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Colin Gomez
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DH Mosquito FB Mk VI Tamiya 1/48

June 9, 2020 · in Aviation · · 20 Comments

Here is a build that was a real learning experience for me. I built it out of the box without photo etch and used the kit decals with serial number rearranged to represent an aircraft of Coastal Command - flown by Flight Lieutenant Nunn of 235 Squadron Banff Strike Wing 1944. References came from the Squadron Signal book DH Mosquito in Action. A bit late for the D-Day anniversary but oh well. It was my first successful airbrush finish and oil wash (not much to do for the wooden wings but some around the engines and few panels). The exhaust stacks were tricky to fit and are resin replacements from Ultracast, since they were exposed on this particular a/c. I masked the complex canopy framing myself but ran into problems by accidentally chipping off paint when removing the many tiny masks. After some consternation and nearly ready to shelve the model, I came up with the idea of using strips of decal airbrushed in the fuselage color to cover the ragged looking framing. It worked perfectly and invisibly repaired all the damage. Nice straight and uniform framing after a near disaster. I was lucky with the technique. Somehow, the paint didn't disintegrate or flake off when I soaked to the decal strip to release it from the painted backing sheet. I have done similar repairs on other models since but you need to start with sturdy decal material.

I couple of other small enhancements I notice now. I added Eduard etch screens for the engine intakes. I also cut and re-positioned the rudder and elevators. Even though I bought resin replacements for these, I did not use them as the kit parts were fine. Not much else to say about the model, except that it went together as a kit should. Paints are also Tamiya with a lightened Polyscale Sky undersides, if I recall. Invasion Stripes are airbrushed.

BTW, the Mosquito has some sentimental meaning for me in that my grandmother helped build them in the DH Canada factory in Malton (now Toronto), Ontario during the war. She was a genuine Rosie the Riveter who did the wiring in the wings. I have watched newsreels about this factory from the period and I think I can actually see her at work - but a lot of the workers were female with similar hair styles.

21 additional images. Click to enlarge.

20 responses

  1. Nicely done Colin, I can sympathize with the frame masking. Interesting idea too with the decals. I now run a very sharp fine blade lightly along the edge of my canopy masks, just to help them pull away without the framing. Seems to work, just feel like I'm doing something wrong otherwise.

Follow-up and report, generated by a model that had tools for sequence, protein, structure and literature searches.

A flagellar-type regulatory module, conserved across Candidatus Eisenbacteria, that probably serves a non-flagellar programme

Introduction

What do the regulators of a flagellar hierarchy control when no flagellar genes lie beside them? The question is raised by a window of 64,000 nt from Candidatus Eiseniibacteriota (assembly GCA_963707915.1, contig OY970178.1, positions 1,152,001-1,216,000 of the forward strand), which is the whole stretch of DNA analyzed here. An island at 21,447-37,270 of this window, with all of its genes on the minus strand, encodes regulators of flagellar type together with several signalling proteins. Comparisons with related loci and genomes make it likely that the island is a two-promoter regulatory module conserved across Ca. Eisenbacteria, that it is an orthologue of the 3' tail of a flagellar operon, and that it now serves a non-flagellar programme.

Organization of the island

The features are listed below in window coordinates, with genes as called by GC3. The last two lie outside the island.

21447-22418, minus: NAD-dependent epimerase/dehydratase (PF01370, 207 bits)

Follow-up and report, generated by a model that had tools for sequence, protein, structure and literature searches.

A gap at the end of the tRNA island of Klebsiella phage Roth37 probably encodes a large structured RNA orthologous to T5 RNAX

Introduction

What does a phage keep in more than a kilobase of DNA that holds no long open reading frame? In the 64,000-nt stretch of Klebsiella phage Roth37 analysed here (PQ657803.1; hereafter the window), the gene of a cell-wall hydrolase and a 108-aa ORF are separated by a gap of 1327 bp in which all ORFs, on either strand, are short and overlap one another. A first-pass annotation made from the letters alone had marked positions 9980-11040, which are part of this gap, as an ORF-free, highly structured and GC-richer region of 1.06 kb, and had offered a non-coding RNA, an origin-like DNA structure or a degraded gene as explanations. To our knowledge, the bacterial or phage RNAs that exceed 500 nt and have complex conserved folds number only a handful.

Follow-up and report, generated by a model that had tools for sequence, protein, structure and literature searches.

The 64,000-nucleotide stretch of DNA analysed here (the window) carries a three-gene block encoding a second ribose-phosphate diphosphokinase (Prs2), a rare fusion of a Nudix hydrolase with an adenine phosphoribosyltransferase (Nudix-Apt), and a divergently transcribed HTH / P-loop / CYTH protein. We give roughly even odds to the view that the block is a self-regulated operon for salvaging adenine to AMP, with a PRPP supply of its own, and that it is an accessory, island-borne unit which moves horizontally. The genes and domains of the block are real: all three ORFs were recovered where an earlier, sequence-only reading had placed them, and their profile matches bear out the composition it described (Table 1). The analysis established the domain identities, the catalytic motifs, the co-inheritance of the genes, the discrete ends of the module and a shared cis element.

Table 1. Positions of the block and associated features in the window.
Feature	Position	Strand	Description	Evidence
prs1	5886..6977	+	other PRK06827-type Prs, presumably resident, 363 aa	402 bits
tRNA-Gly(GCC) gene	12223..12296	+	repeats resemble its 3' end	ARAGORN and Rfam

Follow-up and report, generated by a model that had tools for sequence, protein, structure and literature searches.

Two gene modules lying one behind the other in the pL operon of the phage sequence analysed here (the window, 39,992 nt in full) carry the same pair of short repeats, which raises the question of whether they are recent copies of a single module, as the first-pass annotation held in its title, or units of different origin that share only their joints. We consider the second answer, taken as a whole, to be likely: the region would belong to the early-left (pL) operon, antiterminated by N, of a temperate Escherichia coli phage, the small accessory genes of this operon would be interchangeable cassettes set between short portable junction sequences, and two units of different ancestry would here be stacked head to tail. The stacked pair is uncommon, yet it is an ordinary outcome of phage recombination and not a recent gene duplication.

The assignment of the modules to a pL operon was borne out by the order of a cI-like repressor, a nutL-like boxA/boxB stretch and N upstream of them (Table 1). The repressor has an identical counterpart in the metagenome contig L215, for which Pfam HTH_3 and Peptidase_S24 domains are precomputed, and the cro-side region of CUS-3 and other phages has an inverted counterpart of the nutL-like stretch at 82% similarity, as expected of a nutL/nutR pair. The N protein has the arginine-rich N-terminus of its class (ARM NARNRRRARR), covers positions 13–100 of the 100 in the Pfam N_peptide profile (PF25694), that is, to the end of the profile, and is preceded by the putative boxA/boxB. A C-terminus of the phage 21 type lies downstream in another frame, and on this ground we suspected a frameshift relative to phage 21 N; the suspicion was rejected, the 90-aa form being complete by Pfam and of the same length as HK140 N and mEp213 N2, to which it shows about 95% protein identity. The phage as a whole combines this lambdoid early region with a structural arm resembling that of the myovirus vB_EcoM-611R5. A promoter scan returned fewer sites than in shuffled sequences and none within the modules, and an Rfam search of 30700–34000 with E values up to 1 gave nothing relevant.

I like the painting and the finish.

    • Thanks, Andrew. That is a good suggestion on avoiding problems with masks and I may try it sometime. Luckily, Eduard's laser cut kabuki tape masks have worked very well for me on my more recent models. They are much less prone to pulling excess paint away than homemade masks.

  2. Nicely done and well done with the airbrush. I'm starting to break-down and buy masks for multi-frame clear parts

    • Thanks, George. I am with you on the Eduard masks. They are mostly really precise, although I had a heck of a time with them on my 1/48 TBF Avenger. For some reason almost all the panels were either too large or too small.

  3. Very nice result here Colin. Good save on the canopy. One of my favorite kits, and you have made the most of what was there in the box.

    • Thank you , Tom. Yes, it is a very relaxing build and a beautiful aircraft. I have the 1/32nd Tamiya version in my stash to do as well with Canadian markings. Hopefully, it will be equally forgiving to build.

  4. That's a greatly built model, Colin!
    Even more so because of the emotional vibes it brings along.
    I love Tamiya Mosquitos, got myself on to build (an FBVI if I can recall well).
    You made an excellent work of it and I loved the remedial canopy framing mishap action.

    • Thanks, Spiros, Happy to hear the canopy solution was worth reading about. I like to share model hacking techniques - especially "saves", having benefited so much from what I've read on-line from others over the years.

  5. Good looking Mossie Colin, especially like the fact it has a family connection. Nicely done and good save on the canopy.

    • Thanks, Tom. I have learned a lot about Canadian history by digging deeper into family stories. Their lives became so entwined with these fascinating historical events and, of course, their life experiences give a different perspective than the history books, sometimes.

  6. Great looking Mossie. This is a really good kit and you have made it shine.

  7. Fantastic build you have there, Colin.
    Very nice paint job and weathering, I really like it.

  8. Handsomely done!

  9. Great job Colin @coling, well done!

  10. Thank you, Greg. I am happy you like it. Always great to hear from you.

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